There are many mysterious and mystical elements in the photography of Vasilis Spagouros. He is mostly shooting outdoor on streets and most of his images are low key monochrome shots of people and random stuff. He is not a seasoned photographer but whatever he is creating is very impressive and profound. He’s a passionate movie collector and likes to watch mostly the experimental works of great directors and it clearly shows in his choice of subjects and composition. There is a subtle gloom in his photos that leaves a lasting impression on viewers and within the frame his characters look lonely and bewildered. Here’s our Q&A with this talented Greek photographer:
I was born in Athens , Greece in 1977, where I still live. I studied computer science and I work as a computer engineer. I love music- mainly progressive rock and soundtracks. Movies are my passion. Fellini, Tarkovsky, Lynch, Jarmusch are some of my favorite directors. Collecting old, low budget horror movies from the 60s, 70s, and 80s is a favorite hobby of mine.
My photographic journey started in 2006, with a small digital camera. I started taking photography seriously in 2008 after reading some books about photography and attending some lessons. I don’t know how many photos I take in a month, but I keep very few. Delete is my favorite key on the keyboard. And I always carry a camera with me. Photographic opportunities are everywhere.
Photography means a lot to me, but honestly I have no idea why I take pictures. Maybe, as Winogrand said, I want to see how everything looks like when photographed. Or maybe photography is my way of collecting souvenirs from the world. But the urge to photograph trivial things is still a mystery to me.
Walking-travelling light is very important. I don’t like big cameras with enormous lenses, they attract too much attention. And absolute image quality is not important to me. I currently use an Olympus OMD-EM10 with a 35 mm lens and shoot in aperture priority. I use Photoshop for processing my images using layers and masks.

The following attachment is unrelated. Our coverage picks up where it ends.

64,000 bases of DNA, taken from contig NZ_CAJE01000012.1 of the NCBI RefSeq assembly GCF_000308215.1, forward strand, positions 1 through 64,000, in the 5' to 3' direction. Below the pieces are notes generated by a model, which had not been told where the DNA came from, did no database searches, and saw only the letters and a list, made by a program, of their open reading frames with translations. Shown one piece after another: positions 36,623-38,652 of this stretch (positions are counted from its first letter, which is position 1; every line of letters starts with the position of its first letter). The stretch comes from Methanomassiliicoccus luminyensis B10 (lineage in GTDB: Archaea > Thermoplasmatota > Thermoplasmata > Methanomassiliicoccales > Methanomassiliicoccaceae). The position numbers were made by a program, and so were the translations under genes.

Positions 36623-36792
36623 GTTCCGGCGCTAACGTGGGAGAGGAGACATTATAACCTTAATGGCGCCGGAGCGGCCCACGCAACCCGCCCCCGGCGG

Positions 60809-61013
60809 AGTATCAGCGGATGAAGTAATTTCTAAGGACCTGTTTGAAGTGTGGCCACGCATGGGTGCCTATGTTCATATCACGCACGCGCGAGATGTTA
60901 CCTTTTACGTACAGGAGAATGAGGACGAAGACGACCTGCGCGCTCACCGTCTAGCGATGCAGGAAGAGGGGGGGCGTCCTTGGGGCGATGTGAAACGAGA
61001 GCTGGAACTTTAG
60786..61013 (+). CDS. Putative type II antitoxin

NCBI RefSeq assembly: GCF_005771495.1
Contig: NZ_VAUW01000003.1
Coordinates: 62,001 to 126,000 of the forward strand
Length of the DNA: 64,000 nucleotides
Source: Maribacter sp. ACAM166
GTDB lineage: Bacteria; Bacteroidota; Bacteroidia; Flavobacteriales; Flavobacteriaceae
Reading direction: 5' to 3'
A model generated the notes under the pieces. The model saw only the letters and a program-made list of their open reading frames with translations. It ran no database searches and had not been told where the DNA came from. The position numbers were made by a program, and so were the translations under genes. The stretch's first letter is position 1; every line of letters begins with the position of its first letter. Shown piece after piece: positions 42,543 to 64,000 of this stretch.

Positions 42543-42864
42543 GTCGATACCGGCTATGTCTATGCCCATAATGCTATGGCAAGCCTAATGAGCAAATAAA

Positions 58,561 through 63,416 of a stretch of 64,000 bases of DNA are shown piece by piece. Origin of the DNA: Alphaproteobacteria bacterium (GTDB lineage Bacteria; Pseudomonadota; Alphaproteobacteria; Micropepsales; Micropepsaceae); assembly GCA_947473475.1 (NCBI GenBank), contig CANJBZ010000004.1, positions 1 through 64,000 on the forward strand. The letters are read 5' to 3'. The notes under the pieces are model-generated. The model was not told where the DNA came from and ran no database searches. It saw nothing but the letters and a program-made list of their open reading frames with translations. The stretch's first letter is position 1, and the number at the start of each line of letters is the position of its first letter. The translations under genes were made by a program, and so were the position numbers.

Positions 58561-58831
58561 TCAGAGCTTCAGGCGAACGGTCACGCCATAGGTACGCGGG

I used to be into film photography for a short time. The process of developing and printing your own photos in the dark room was really special, almost magical. But time consuming too. I don’t like to spend a lot of time processing my images, so digital is the way to go. From time to time i go back to film shooting, but the main volume of my work is digital.
What do you feel is your biggest achievements?
My biggest achievement is that my passion for photography keeps going strong. I don’t have any clients at the moment, and most of my prints have been given at friends.
I don’t have a certain method for photographing. But when I find I place that interests me, I revisit it many times with the hope to get “something” from it. Street photography is becoming more and more challenging. People are becoming more and more suspicious of the photographers than they used to be in the past. It’s mainly because everybody has a camera and they shoot uncontrollably and also try to invade the privacy and life of other people.
Contemporary photography really interests me. I would like to think of my work as a mixture of contemporary and classic. Maybe the contemporary part prevails a little in some cases. As far as style is concerned, mine comes from photographers I admire as well as personal inspiration.
What is the photography scene like there in Greece? Where in the place do you wish to go for shooting?
I live close to the center of Athens which is a great place for street photography. It’s a multicultural environment. Photographic opportunities are everywhere. Travelling is essential to photography but it’s not necessary to go far. Great inspiration can be found in the places you visit in your daily routines. If I had to choose, I would like to visit Russia one day.
My main ambition is to keep on photographing. Sources of inspiration come from many things. Movies , music, my everyday life and experiences. It’s not difficult to keep yourself motivated. Internet is a powerful tool, and can help you find inspiration ,in the works of other photographers. It’s a never ending bank of photos, but you have to choose what to keep for inspiration. Some of my favorite photographers are Bruce Davidson, Dianne Arbus, Robert Frank, and Roy De Carava.
Shoot as much as you can. Don’t try to find impressive places to photograph. Photography is all around you so keep your eyes open. Learn as much from the great photographers as possible. Walk a lot and explore your surroundings.